Land, Governance and the Gendered Politics of Displacement in Urban Pakistan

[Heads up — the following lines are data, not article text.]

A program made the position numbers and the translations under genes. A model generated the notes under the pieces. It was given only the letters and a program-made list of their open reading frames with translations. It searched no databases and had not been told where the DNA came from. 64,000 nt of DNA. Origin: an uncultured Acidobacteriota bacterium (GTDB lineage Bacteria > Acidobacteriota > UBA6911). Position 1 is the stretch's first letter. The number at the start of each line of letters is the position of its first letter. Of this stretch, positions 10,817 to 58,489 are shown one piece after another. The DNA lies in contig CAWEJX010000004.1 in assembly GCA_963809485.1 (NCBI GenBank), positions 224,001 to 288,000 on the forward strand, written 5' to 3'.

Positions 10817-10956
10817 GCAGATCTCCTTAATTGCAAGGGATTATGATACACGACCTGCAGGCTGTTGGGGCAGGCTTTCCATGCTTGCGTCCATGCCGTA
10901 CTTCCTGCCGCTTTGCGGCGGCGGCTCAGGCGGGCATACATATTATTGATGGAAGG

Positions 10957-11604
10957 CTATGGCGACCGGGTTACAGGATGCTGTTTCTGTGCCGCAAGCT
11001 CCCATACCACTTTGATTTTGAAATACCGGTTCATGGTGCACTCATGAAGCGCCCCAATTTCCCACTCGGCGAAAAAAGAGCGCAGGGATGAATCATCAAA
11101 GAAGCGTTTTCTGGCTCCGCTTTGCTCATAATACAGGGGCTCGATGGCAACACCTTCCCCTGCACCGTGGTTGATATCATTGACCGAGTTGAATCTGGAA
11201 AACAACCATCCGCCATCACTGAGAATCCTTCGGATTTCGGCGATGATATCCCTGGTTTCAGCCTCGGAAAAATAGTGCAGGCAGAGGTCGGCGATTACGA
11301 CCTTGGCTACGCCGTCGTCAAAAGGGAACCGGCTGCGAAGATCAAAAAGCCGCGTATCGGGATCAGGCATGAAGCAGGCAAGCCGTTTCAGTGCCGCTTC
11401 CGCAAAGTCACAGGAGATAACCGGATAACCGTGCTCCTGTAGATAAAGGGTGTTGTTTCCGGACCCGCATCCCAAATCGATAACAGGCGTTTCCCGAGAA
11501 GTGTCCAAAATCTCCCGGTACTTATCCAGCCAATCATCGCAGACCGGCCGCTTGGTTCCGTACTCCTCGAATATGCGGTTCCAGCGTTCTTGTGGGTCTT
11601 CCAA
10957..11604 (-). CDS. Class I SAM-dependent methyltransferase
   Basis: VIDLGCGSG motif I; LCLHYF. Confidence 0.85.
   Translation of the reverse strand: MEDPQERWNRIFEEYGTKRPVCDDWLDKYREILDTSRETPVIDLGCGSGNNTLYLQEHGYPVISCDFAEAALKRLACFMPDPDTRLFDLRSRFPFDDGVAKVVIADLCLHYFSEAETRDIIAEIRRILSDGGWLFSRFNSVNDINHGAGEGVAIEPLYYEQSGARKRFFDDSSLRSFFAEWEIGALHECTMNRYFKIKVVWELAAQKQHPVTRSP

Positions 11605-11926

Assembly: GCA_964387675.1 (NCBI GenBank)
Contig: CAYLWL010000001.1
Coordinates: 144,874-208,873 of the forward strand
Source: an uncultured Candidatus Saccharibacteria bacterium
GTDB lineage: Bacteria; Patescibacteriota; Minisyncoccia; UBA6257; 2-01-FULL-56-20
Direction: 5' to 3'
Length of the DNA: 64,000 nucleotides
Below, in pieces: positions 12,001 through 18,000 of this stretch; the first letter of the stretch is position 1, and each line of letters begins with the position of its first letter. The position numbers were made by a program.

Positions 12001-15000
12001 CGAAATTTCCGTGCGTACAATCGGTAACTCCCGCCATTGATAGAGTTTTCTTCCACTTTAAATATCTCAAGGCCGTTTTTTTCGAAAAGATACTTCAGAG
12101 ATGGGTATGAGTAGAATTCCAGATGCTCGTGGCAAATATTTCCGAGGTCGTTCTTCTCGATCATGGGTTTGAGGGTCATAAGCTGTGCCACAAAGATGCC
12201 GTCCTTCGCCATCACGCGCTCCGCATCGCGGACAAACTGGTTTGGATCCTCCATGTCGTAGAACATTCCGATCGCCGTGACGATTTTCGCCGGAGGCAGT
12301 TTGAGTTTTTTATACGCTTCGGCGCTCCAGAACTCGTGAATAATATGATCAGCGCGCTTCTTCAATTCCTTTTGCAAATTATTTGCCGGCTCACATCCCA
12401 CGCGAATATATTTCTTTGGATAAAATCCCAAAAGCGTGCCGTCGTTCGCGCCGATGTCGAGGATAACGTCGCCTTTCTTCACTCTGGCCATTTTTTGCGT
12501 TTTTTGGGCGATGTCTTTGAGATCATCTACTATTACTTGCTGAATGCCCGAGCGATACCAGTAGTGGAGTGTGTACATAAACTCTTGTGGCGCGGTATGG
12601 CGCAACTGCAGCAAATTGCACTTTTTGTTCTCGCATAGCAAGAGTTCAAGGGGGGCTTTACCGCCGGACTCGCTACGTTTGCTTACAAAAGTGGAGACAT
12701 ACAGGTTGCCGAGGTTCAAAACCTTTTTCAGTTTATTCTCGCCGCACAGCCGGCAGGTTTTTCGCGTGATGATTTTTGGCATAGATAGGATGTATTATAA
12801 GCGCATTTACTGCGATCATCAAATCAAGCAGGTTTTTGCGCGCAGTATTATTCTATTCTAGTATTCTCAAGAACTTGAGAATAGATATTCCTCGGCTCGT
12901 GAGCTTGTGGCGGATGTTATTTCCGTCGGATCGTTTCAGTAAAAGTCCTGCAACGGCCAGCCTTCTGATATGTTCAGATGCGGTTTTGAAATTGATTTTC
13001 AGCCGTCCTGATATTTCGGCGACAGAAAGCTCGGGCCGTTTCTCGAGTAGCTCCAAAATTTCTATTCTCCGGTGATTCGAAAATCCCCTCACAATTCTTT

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In millennial Karachi, holding on to land and homes and accessing public space for labor, has become a vital struggle. Land displacement is an increasing, and sometimes constant, source of anxiety for the urban poor and marginalized communities, but some of the lower-to-middle income communities too. Based on 24-months of research (2018 - 2020) covering 16 study sites, we document how land is governed and acquired for infrastructure and urban development projects; how such projects impact people’s lives and how they resist displacement. Land displacements take place through different temporal contexts and generate complex, multiple effects of waiting, expectations, inertia and defeat. We consider multiple durations of land displacement: people living in fear of displacement; people displaced and resettled on Karachi’s rural-urban margins; and people relegated to an endless period of waiting for compensation and resettlement from the state.